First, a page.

Russia’s Ukraine invasion pushes Aussie CISOs to counter heightened critical-infrastructure threat

Australian businesses are advised to review their security exposure as new legislation progresses—and an increased cyberattack risk looms.

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Concerns that cyberattacks could disable critical Australian infrastructure went from hypothetical to imminent virtually overnight, with security consultants recommending CISOs act rapidly as the Russian invasion of Ukraine revs up a shadow cyberwar and as cybercriminals threaten the critical infrastructure of any country acting against Russia.

Flying in the face of near-universal condemnation of Russia’s invasion, a public proclamation by the Contiransomware gang warned that it “will use our full capacity to deliver retaliatory measures in case the Western warmongers attempt to target critical infrastructure in Russia. … We will use our resources to strike back if the well-being and safety of peaceful citizens will be at stake due to American cyber aggression.”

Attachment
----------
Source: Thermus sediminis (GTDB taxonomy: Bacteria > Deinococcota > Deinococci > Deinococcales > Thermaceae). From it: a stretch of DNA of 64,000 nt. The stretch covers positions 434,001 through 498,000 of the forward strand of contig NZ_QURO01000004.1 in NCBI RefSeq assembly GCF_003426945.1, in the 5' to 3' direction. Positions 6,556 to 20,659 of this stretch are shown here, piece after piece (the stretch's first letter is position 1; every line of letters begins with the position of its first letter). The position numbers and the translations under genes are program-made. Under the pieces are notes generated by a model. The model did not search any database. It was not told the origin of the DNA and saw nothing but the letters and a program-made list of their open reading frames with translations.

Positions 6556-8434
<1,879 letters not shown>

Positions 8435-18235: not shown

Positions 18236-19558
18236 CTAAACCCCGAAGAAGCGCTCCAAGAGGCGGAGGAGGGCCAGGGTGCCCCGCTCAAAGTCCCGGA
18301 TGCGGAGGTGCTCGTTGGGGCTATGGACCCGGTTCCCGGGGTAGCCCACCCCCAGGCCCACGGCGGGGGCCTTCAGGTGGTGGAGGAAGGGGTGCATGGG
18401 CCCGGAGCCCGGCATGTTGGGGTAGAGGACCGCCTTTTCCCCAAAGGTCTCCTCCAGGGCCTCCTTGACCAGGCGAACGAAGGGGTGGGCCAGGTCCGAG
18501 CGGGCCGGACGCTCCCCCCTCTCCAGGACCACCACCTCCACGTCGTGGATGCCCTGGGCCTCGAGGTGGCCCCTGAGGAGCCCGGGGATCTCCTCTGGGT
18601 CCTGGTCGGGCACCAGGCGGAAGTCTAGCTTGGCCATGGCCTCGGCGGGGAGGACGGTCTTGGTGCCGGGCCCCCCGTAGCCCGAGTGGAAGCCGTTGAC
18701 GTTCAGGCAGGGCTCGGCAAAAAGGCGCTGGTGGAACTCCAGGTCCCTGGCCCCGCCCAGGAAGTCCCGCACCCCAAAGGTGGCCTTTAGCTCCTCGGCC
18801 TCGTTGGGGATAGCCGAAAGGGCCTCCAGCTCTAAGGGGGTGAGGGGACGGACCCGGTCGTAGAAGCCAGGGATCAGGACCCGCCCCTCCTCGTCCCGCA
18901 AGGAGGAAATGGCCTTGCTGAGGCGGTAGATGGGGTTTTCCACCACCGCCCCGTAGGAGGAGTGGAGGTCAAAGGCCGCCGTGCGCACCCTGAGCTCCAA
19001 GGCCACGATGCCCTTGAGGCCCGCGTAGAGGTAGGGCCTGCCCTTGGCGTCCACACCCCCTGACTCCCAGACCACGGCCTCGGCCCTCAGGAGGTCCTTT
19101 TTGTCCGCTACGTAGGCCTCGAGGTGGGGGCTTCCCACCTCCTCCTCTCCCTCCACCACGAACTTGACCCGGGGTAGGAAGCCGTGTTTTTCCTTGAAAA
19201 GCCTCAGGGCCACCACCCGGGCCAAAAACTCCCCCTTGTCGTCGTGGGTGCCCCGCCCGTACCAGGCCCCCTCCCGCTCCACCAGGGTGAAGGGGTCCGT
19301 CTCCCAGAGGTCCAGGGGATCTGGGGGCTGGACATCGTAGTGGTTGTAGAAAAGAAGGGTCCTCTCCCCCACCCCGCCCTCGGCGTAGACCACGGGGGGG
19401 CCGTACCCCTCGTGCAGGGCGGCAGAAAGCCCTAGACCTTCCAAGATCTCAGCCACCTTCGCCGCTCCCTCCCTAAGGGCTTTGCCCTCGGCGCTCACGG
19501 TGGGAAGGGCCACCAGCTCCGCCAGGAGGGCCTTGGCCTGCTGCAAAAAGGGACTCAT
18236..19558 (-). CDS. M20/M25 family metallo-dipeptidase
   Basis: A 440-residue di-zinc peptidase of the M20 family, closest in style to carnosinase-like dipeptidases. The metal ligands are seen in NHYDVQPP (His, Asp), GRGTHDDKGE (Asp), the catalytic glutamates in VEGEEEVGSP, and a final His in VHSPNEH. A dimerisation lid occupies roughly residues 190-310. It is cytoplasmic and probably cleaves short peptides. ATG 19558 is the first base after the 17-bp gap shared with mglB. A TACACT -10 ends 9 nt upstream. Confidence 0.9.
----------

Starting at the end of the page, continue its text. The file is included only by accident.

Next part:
Australia braces for cyberattacks

The threat to Australian interests was more than hypothetical as the country increased its support for Ukraine, committing $70 million worth of ammunition, antitank missiles, and other weapons to help it fight the Russian invaders.

That move came in the wake of Russian targeting of Ukrainian government sites and other organisations with ‘wiper’ malware, following on from a January 2022 malware campaign known as WhisperGate in an escalation that led authorities in the US, Australia, and elsewhere to warn about likely crossfire as further cyberattacks are launched.

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